Food as Medicine

Garlic Bread (8).JPG

Travis was very frustrated by a late winter cold, and wanted to know how best to feel better. It was a great way to talk about certain foods and their medicinal qualities!

First, I asked him how he was feeling – finally better! But he thought back to how he had felt in the past, and about a time he’d had a tummy bug – no fun.

Garlic Medicine (1)

I asked him what foods he’d craved at the time, and he recalled wanting watermelon. I then gave him a little background on how past civilizations have used food as medicine, including Ancient Greece, China, and India. I thought all this info might be too dry, but he loved reading the numbers of how long ago these civilizations existed. 2000 years ago? 4000 years ago? Whoa.

Garlic Medicine (2)

Now it was time to see if there was any truth to the claims that some foods are medicinal. We picked garlic for our research. Could it really help? Online sources seemed to back up the claim.

We tested it out with a garlic tonic: Mince 2 tablespoons garlic. Combine the garlic in a mug with hot water, a little lemon juice, and agave syrup to taste.

Garlic Medicine (5)

Then we set out to cure his cold with a garlic bread recipe (our bonus recipe in this month’s Raddish Kids).

Ingredients:

  • 2 garlic cloves
  • 4 tablespoons Earth Balance butter
  • 2 tablespoons olive oil
  • 1/2 loaf French bread baguette
  • 1/2 teaspoon dried parsley
  • 1/4 teaspoon salt
  • 1 tablespoon vegan Parmesan sprinkles
  1. Smash two garlic cloves; remove the papery skins and mince.Garlic Bread (3)
  2. Transfer the garlic to a bowl, along with the butter and olive oil. Microwave for about 45 seconds, or until the butter is melted.
  3. Meanwhile, slice the baguette into thick slices and arrange in a single layer on a baking sheet.Garlic Bread (4)
  4. Brush evenly with the butter mixture. Sprinkle evenly with the parsley, salt, and Parmesan.Garlic Bread (5)Note: this gets a bit messy! Next time I’d line the baking sheet with foil.Garlic Bread (6)
  5. Bake at 425 degrees F for 6 minutes.

Did we feel better after eating the garlic bread slices? Hard to say they actually made his sniffles less, but his face sure had a big smile!

Garlic Bread (7)

Finally, we have relatives who have also felt unwell most of the winter, and decided to send along a care package of flu fighter cookies. Even better, if you have a nearby friend or neighbor who has been unwell, perhaps you can visit them with a cold-busting superfood.

Garlic Medicine (6)

What do your kids crave when they’re sick? Please share in the comments!

Garlic Medicine (3)

Garlicky Green Beans

Garlicky Green Bean (9)

Travis opened up his new Raddish Kids box tonight. This month’s theme? Family date night! The kit was intended to overlap with Valentine’s Day, and quite cleverly; these days, Valentine’s is more about the kids than just the grown-ups! But we received our box too late for the holiday, so were happy to settle in for a family cooking night here later in the month.

As with all Raddish recipes, I loved that even my pre-reader could help gather the ingredients, based on the bold, bright pictures.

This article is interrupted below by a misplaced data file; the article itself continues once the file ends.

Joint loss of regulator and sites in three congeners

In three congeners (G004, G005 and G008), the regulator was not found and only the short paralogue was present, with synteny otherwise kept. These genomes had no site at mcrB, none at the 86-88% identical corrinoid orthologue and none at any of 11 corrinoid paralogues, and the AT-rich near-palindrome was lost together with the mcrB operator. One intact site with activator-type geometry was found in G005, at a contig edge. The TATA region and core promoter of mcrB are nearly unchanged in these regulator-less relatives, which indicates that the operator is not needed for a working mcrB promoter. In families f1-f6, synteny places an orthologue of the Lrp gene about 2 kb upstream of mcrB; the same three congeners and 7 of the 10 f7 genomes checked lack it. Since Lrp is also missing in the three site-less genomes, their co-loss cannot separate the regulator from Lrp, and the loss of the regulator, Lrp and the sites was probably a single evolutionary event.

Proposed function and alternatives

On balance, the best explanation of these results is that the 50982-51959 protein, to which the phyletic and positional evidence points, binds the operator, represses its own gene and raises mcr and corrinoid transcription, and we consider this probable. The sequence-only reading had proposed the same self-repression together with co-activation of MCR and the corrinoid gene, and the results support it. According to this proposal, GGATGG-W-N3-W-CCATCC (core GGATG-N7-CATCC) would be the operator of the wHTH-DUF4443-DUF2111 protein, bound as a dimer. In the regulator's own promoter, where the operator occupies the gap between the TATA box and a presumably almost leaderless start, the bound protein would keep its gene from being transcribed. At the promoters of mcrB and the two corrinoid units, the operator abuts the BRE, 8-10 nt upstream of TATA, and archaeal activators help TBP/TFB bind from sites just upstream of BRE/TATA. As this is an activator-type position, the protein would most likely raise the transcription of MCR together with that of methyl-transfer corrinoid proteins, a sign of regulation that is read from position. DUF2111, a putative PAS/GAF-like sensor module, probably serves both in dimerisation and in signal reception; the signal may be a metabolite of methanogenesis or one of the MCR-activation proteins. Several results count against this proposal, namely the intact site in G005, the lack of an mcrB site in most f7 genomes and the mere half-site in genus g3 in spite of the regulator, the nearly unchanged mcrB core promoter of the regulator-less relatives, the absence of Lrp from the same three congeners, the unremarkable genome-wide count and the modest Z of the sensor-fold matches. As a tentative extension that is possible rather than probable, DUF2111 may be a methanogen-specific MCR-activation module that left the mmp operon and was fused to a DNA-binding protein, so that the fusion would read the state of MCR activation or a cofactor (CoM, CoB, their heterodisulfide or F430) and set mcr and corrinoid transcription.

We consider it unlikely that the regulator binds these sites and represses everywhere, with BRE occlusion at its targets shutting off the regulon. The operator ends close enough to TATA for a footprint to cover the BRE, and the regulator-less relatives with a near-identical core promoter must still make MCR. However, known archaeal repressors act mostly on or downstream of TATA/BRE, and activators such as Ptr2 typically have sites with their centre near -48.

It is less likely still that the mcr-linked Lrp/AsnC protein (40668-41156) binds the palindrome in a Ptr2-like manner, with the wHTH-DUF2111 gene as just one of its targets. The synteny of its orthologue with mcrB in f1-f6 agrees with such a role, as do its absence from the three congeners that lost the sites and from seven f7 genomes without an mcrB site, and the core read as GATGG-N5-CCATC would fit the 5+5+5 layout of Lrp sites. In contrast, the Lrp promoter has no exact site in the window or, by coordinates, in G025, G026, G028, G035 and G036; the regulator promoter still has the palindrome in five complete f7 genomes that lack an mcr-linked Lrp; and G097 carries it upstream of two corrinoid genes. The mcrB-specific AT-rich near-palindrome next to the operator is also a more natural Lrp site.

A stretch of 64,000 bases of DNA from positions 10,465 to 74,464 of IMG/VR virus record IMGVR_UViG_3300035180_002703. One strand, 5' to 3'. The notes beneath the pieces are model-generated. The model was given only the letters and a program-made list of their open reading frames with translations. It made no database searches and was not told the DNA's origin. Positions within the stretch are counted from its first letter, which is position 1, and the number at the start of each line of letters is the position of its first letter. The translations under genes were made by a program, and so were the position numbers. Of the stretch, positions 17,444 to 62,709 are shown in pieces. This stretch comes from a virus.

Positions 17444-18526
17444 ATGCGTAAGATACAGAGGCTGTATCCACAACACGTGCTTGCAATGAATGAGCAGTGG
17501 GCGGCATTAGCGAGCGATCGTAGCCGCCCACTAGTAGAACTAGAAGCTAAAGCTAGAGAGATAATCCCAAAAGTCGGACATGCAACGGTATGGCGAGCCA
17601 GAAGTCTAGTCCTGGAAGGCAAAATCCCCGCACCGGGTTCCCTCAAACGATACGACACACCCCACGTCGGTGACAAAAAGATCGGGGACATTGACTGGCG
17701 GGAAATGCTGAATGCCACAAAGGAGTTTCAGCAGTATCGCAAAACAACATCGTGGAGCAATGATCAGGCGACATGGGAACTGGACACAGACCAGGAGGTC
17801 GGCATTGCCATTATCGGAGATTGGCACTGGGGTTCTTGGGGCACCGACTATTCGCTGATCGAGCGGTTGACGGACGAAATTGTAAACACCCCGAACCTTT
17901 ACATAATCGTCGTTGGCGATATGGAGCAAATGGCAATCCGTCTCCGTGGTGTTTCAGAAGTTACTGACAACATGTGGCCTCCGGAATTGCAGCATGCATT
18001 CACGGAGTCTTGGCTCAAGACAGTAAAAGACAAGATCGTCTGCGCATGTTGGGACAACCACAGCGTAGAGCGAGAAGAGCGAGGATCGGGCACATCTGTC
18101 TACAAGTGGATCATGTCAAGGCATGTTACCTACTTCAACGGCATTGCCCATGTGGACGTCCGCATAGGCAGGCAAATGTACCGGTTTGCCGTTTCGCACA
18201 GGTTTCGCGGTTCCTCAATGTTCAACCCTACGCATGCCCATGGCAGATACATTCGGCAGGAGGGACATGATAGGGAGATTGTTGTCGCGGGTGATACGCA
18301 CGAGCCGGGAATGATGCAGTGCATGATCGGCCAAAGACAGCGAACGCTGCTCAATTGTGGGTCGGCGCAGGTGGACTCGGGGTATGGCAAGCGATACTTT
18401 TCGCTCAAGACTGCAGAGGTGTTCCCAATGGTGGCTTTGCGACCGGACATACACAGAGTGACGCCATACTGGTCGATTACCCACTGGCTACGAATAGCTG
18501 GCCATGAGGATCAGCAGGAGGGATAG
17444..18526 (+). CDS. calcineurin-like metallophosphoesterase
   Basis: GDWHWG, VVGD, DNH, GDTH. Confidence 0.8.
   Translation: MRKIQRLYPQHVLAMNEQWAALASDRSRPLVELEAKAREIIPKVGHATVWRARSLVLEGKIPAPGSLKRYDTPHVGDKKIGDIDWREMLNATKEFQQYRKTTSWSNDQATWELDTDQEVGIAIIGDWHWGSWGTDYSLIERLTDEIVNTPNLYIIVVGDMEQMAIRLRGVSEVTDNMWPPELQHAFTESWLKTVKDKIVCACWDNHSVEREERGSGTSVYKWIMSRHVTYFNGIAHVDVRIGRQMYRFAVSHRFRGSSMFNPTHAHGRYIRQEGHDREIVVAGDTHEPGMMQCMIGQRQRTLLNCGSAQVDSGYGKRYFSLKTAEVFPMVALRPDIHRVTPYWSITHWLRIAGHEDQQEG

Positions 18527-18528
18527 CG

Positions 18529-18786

Garlicky Green Bean (1)

First, we prepared the topping (a gremolata, I recognized, although that wasn’t specified). Travis got to help with big boy steps! Together,  we chopped a bunch of parsley. Two tablespoons went into a bowl.

Garlicky Green Bean (2)

Next he grated the zest from one lemon; that joined the parsley in the bowl.

Garlicky Green Bean (3)

I smashed three garlic cloves for him, and he carefully peeled back the white paper.

Garlicky Green Bean (4)

Then we got to use this month’s keepsake: a garlic minced. I’d never seen one quite like this before that rocks back and forth,  and to be honest, I found that it didn’t mince a clove as well as a knife. But for kids, it’s great, since no knife is required. The recipe card also featured a run-down of all the ways to mince garlic.

Garlicky Green Bean (5)

As he worked, we read the facts about garlic and its history of medicinal use on the recipe card. “Is lemon good for me?” he asked after. “Is parsley going to keep me strong?” I love that he already has an understanding of the connection between what we eat and our health.

Next up, we heated 1 teaspoon olive oil in a large skillet. Add 3 tablespoons panko and the minced garlic; cook for 4 minutes, until lightly browned.

Garlicky Green Bean (6)

Add the garlic mixture to the parsley mixture, along with 1/2 teaspoon salt and 2 tablespoons vegan Parmesan sprinkles.

Garlicky Green Bean (8)

Next up we trimmed 1 pound green beans, using scissors to snip off the pointy ends.

Garlicky Green Bean (7)

(Note: For all of these advanced kitchen skills, Travis loved helping for a moment or two, and then preferred to watch me finish. I recommend the same if you also have a young chef, but big kids can take on more ownership of the recipe).

We cooked the green beans in a pot of boiling, salted water for 7 minutes, which was the recipe card’s suggestion for medium tenderness. Drain the green beans in a colander, then transfer to a bowl; drizzle with 1 teaspoon olive oil, and sprinkle with the gremolata.

Garlicky Green Bean (11)

Proud chef! This is actually his happy face saying “Garlic!” though it looks like a grimace. He devoured every last green bean, and the grown-ups, too!

Garlicky Green Bean (10)